FIND MOVIES
Movie List
Loading ...
or
Find Theaters and Movie Times
or
Search Movies

Review: Let My People Go!

By PETER KEOUGH  |  February 26, 2013
1.5 1.5 Stars



First-time French director Mikael Buch makes it easy to categorize his characters in this sometimes funny, often strident farce. People are Jewish, goyish, gay, straight, Finnish, French, old, young, or some combination of the above — though they all share a neurotic whininess. Reuben (a fluttery Nicolas Maury), for example, is very gay. He's also French and Jewish, and has found his paradise in a cartoon-colored Finnish town where he lives with his blond boyfriend and works as a Tati-esque postman. Then, in a scene oddly evoking both A Simple Plan and Pee-wee's Big Adventure, the serpent enters Eden in the form of a package containing 200,000 euros. For vague and contrived reasons Reuben then must return to Paris, where his family prepares for Passover, and there everything unravels into a mess of spilled secrets and heavy-handed gags. Though the film alludes repeatedly to the story of Exodus, it remains bound to hysterical stereotypes and hyperbolic plotting.

  Topics: Reviews , Movies, review, film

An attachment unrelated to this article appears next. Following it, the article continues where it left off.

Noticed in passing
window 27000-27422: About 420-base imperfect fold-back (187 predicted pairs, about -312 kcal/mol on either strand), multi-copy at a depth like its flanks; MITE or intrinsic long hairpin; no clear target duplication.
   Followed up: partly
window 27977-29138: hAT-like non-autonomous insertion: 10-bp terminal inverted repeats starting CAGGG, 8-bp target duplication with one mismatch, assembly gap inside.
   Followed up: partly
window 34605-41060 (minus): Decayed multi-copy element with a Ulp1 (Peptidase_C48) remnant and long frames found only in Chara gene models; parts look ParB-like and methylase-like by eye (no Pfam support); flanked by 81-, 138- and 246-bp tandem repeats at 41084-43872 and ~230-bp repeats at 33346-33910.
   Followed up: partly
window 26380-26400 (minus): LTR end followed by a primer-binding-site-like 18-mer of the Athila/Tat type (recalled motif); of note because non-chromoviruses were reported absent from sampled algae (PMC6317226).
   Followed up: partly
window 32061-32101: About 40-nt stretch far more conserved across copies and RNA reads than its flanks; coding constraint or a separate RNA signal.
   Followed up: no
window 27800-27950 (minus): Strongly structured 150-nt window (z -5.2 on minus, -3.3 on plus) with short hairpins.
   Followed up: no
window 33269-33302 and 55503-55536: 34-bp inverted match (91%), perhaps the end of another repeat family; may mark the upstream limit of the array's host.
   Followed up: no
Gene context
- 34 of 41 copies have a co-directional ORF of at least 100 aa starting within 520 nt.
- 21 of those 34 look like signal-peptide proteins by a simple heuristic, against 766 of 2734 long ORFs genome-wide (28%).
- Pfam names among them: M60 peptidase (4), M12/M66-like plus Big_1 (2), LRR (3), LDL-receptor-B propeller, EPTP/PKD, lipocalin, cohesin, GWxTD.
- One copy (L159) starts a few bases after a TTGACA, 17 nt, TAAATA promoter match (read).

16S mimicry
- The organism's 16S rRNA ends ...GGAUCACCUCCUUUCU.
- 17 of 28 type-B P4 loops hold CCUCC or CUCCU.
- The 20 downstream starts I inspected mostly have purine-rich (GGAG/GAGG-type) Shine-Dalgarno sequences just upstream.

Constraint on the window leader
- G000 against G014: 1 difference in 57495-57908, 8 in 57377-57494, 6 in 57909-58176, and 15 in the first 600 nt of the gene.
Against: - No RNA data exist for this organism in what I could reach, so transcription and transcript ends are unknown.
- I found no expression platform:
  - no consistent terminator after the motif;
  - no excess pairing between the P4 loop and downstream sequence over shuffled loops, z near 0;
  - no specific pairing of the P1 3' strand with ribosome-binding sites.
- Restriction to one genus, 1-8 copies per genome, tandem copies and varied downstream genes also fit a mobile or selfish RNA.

| More


Most Popular
ARTICLES BY PETER KEOUGH
Share this entry with Delicious
  •   BUFFET DINING: THE 15TH BOSTON UNDERGROUND FILM FESTIVAL  |  March 19, 2013
    "Copraphagy" is a key word at this year's Boston Underground Film Festival at the Brattle.
  •   REVIEW: GINGER & ROSA  |  March 19, 2013
    Sally Potter likes to mess around with form and narrative.
  •   UNDERGROUND CINEMA: THE 12TH BOSTON TURKISH FILM FESTIVAL  |  March 12, 2013
    This year's Boston Turkish Film Festival includes works in which directors ponder the relationships between the secular and the religious, between men and women, and between destiny and identity.
  •   REVIEW: A GLIMPSE INSIDE THE MIND OF CHARLES SWAN III  |  March 12, 2013
    In Roman Coppola's sophomoric second feature (his 2001 debut CQ was promising), Charlie Sheen shows restraint as the titular asshole, a dissolute ad designer and solipsistic whiner who's mooning over the loss of his latest love.
  •   REVIEW: UPSIDE DOWN  |  March 14, 2013
    Had Ed Wood Jr. directed Fritz Lang's Metropolis , he couldn't have achieved the earnest dopiness of Juan Solanas's sci-fi allegory — nor the striking images.

 See all articles by: PETER KEOUGH